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Wednesday, October 23, 2019
Jed Alegado (@jedalegado) is a climate campaigner based in the Philippines. He holds a masters degree in Public Management from the Ateneo School of Government.
MANILA, Jul 8 2015 (IPS) - The Association of Southeast Asian Nations (ASEAN) started as a cooperation bloc in 1968. Founded by five countries – Thailand, Singapore, Malaysia, Indonesia and the Philippines – ASEAN has since evolved into a regional force which is slowly changing the landscape in global politics.
Five decades later, amid changing geopolitics and dynamics in the region, ASEAN faces a daunting task this year as it gears up for ASEAN 2015 economic integration amidst uncertainty in light of climate change impacts.
Agriculture – ASEAN’s key driver of growth
ASEAN banks on agriculture as the key driver of growth in the region. Its member-countries rely on agriculture as the primary source of income for their peoples. Food security, livelihoods and other needs of ASEAN citizens are at stake in the region’s vast resources, such as forests, seas, rivers, lands and ecosystems. However, climate change is threatening shared growth reliant on agriculture and natural resources.
With a region dependent on agriculture for food security and livelihoods, ASEAN needs to step up its fight against climate change. Oxfam GROW East Asia campaign recently released a report titled “Harmless Harvest: How sustainable agriculture can help ASEAN countries adapt in a changing climate.”
It argues that “climate change is undermining the viability of agriculture in the region and putting many small-scale farmers’ and fisherfolk’ livelihoods at risk.”
Data from the International Rice Research Institute (IRRI) revealed that rice yields drop as much as 10 percent for every 1 percent rise in temperature – an alarming fact for a region which counts rice as the staple food.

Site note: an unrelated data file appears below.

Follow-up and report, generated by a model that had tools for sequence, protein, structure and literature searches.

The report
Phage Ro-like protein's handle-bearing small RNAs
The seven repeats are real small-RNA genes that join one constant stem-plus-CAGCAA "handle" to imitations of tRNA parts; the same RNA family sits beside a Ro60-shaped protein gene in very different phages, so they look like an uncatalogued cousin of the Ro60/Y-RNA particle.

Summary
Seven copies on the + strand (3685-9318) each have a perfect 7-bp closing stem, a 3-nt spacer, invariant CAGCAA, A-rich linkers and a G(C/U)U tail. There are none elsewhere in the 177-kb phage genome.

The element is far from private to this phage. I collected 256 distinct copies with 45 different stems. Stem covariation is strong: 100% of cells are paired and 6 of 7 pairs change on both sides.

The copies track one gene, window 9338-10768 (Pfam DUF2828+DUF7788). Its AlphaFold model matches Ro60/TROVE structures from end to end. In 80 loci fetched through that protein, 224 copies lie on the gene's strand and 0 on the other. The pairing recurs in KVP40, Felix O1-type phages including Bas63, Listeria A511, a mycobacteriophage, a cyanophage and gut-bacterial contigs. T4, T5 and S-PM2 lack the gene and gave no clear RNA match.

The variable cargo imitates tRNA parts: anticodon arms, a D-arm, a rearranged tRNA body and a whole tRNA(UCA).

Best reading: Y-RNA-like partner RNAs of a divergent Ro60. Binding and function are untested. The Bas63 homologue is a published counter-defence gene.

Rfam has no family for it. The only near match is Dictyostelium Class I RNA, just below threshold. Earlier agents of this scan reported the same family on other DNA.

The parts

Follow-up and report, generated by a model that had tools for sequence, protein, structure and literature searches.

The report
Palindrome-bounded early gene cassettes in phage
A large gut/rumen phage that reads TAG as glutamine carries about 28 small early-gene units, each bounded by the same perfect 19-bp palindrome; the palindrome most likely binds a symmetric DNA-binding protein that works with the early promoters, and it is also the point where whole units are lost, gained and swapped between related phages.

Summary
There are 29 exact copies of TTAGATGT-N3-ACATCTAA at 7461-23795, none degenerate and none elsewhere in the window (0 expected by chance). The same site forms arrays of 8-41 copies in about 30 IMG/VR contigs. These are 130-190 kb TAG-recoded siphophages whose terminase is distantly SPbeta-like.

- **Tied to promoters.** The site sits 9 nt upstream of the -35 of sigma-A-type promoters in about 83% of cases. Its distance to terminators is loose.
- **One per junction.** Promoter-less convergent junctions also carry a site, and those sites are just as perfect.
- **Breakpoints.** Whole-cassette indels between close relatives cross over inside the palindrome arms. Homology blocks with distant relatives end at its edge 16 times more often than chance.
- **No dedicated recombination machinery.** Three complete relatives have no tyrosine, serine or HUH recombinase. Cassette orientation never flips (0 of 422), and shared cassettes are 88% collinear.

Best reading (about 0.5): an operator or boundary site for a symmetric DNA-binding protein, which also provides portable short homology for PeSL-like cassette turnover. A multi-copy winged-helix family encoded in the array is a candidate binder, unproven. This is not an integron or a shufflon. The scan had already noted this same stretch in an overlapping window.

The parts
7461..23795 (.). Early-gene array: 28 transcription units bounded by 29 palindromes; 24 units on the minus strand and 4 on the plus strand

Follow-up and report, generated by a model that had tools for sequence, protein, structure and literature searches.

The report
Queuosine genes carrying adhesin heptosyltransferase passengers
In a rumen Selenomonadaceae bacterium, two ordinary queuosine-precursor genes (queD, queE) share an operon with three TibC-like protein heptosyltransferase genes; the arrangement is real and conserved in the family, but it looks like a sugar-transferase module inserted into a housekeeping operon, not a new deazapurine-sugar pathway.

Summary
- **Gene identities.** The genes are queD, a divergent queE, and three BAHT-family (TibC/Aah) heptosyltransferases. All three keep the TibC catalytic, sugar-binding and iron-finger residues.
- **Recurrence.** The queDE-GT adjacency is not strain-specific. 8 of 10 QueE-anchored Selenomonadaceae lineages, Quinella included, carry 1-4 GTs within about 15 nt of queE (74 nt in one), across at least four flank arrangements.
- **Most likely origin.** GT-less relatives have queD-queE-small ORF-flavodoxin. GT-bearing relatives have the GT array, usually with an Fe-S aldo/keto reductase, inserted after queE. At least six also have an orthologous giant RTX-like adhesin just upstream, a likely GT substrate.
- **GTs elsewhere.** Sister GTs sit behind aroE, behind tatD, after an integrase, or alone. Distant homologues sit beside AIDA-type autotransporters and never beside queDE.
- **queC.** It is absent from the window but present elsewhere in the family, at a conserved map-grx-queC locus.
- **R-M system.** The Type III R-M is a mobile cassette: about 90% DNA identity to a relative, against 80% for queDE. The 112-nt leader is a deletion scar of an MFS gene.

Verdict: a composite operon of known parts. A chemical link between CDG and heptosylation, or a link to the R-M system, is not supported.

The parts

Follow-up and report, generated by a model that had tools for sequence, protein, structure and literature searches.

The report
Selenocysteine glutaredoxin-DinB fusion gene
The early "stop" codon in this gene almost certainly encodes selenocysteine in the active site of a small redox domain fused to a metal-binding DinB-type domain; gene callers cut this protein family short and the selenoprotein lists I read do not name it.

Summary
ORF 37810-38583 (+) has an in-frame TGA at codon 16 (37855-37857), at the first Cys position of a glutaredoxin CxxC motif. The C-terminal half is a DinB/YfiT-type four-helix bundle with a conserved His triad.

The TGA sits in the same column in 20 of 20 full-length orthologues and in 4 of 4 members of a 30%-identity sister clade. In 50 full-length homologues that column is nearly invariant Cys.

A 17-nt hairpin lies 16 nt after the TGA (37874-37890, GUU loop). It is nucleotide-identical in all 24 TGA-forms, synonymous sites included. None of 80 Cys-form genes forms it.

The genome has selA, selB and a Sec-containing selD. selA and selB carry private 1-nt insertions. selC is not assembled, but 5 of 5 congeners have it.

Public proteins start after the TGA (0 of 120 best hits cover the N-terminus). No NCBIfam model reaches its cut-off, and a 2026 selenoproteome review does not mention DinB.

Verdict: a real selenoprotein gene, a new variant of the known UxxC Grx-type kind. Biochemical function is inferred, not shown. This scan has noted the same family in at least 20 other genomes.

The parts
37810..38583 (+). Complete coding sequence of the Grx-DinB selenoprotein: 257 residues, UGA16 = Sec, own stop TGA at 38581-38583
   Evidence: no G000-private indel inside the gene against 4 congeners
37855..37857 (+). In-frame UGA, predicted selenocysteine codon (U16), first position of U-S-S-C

ASEAN 2015 in Paris?
The planned 2015 economic integration is unveiling amidst a backdrop of threats to agriculture in the region due to impacts of climate change. For ASEAN 2015 integration to prosper and its promised economic growth to be shared mutually, ASEAN must unite against climate change by taking a definitive stand as a regional bloc.
First, at the global climate negotiations of the United Nations Framework Convention for Climate Change, ASEAN leaders must unite behind a fair and binding agreement toward building a global climate deal in Paris this year.
Second, in terms of climate change mitigation, ASEAN needs to harmonise existing policies on coal and level the playing field where renewable energies can compete with other sources of energy. Furthermore, the 2015 economic integration must be clear on charting a low-carbon development plan for the region.
Third, ASEAN must ensure that its economic community-building is geared toward low-carbon development anchored on sustainability and inclusive growth. It can start by ensuring that regional policies in public and private investments in agriculture and energy do not threaten food security, improve resilience against climate-related disasters, and respect asset reform policies and the rights of small food producers.
Lastly, ASEAN leaders must also ensure that policies will be in place to shift the funding support from industrial agriculture to sustainable agricultural practices promoting agro-ecology and sustainable ecosystems.
ASEAN can do this by ensuring that each governments allocate sufficient financial resources for community-driven climate change adaptation practices while working with communities and peoples’ organisations on knowledge-sharing and learning best practices.
Edited by Kitty Stapp
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